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Meningitis Foundation Unsurprised By ESR Data Showing Growing Incidence Of Meningococcal In Young New Zealanders

Foundation says new Government must recognise need to vaccinate all young people

The Meningitis Foundation Aotearoa New Zealand says it is “unsurprised” by data released by the Institute of Environmental Science and Research (ESR) yesterday showing that there has been an 88 per cent increase in the number of cases of meningococcal disease among Kiwi teenagers and young adults compared to the same time last year.

The data shows that those aged between 15-29 made up 35 per cent of all cases from 1 January to 31 December 2023. For the previous year, they made up 16 per cent of cases.

The Meningitis Foundation Chair, Gerard Rushton says that vaccination statistics released to the Foundation by Te Whatu Ora at the end of last year show that there is a concerningly low level of uptake of the MenB vaccine in young adults. He says that the increase in doses administered to infants likely corresponds to the drop in incidence, however it is unsurprising there has been an increase in incidence among young people aged 13-25 given just 9,612 vaccinations were administered between 1 March and 31 August 2023.

“Our pēpi and our tamariki now have access to the protection they need, but there is a massive gap when it comes to our rangatahi,” he says.

“We strongly believe the low vaccination rates among rangatahi are directly related to the fact that the eligibility criteria for free vaccines are too confusing and too narrow. The proof is in the pudding that New Zealanders want the vaccine when it is available to them. Why are we withholding it?”

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On 1 March 2023, Pharmac began funding the meningococcal B vaccine (Bexsero) for all children up to 12 months of age (with a relevant catch-up programme), and for people aged 13 to 25 years who are entering into or in their first year of specified close-living situations (with a limited catch-up programme).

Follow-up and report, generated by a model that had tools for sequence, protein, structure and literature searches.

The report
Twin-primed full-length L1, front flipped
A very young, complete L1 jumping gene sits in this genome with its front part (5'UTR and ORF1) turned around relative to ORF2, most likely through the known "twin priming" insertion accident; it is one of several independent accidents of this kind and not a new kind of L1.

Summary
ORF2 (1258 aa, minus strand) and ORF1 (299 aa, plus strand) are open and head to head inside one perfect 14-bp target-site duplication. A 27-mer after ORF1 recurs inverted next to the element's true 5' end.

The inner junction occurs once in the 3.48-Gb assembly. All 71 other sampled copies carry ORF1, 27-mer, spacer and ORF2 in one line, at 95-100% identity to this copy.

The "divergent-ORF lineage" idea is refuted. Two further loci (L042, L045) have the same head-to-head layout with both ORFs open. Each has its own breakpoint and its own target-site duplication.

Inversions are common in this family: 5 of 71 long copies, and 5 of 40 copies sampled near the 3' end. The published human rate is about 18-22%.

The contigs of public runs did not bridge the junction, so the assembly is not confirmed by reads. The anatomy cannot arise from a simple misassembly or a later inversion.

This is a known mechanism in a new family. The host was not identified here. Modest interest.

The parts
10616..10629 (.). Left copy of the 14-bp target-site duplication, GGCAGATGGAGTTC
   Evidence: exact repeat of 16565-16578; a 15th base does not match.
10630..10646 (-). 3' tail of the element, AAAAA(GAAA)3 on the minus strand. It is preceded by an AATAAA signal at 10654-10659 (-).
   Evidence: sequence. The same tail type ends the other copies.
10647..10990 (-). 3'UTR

The criteria are the same as those for existing meningococcal ACW&Y vaccine, which is also free to eligible groups. Following the expiry of the catch-up programme, only those in their first year in a specified close living situation will be eligible.

Close living situations include boarding school hostels, tertiary education halls of residence, military barracks, and prisons.

Gerard Rushton says that the confusing eligibility criteria has resulted in a lack of understanding about who can receive free vaccination, meaning that youth are missing out on being protected.

“Free vaccination has been a massive success in the age groups eligible under the Aotearoa Immunisation Register (AIR). The Meningitis Foundation has made an application to Pharmac to broaden the eligibility criteria to provide free vaccines to all young people between the ages of 13 and 25. We would suggest that Pharmac take note of the ESR data and take it into consideration when making their decision whether to add funded vaccination for all young people to their options for investment list. It will then be up to the Government to make the ultimate decision about ensuring our young people are protected.”

The Pharmac decision on funding vaccination for all rangatahi is expected to be announced in the first half of 2024.

Gerard Rushton says the fact that Māori youth are among those experiencing the largest increases in case numbers demonstrates a greater need for vaccine equity.

“We think that’s just unacceptable, and frankly, discriminatory. We need to be protecting our most at-risk populations. The alternative is that we will continue to see rangatahi die from meningococcal disease due to the lack of a comprehensive and timely vaccination programme.”

The symptoms of meningococcal meningitis in adults and children are:

  • A stiff, sore neck.
  • A sensitivity to light, or a dislike of bright lights (an early warning sign of meningitis).
  • A severe headache.
  • If the child or adult is difficult to wake, or in a drowsy and confused state.
  • A fever, sometimes accompanied by cold hands and feet.
  • Aching sore joints.
  • Vomiting – a common symptom of meningitis in both children and adults.
  • Convulsive fits or seizures is characteristic of meningitis.

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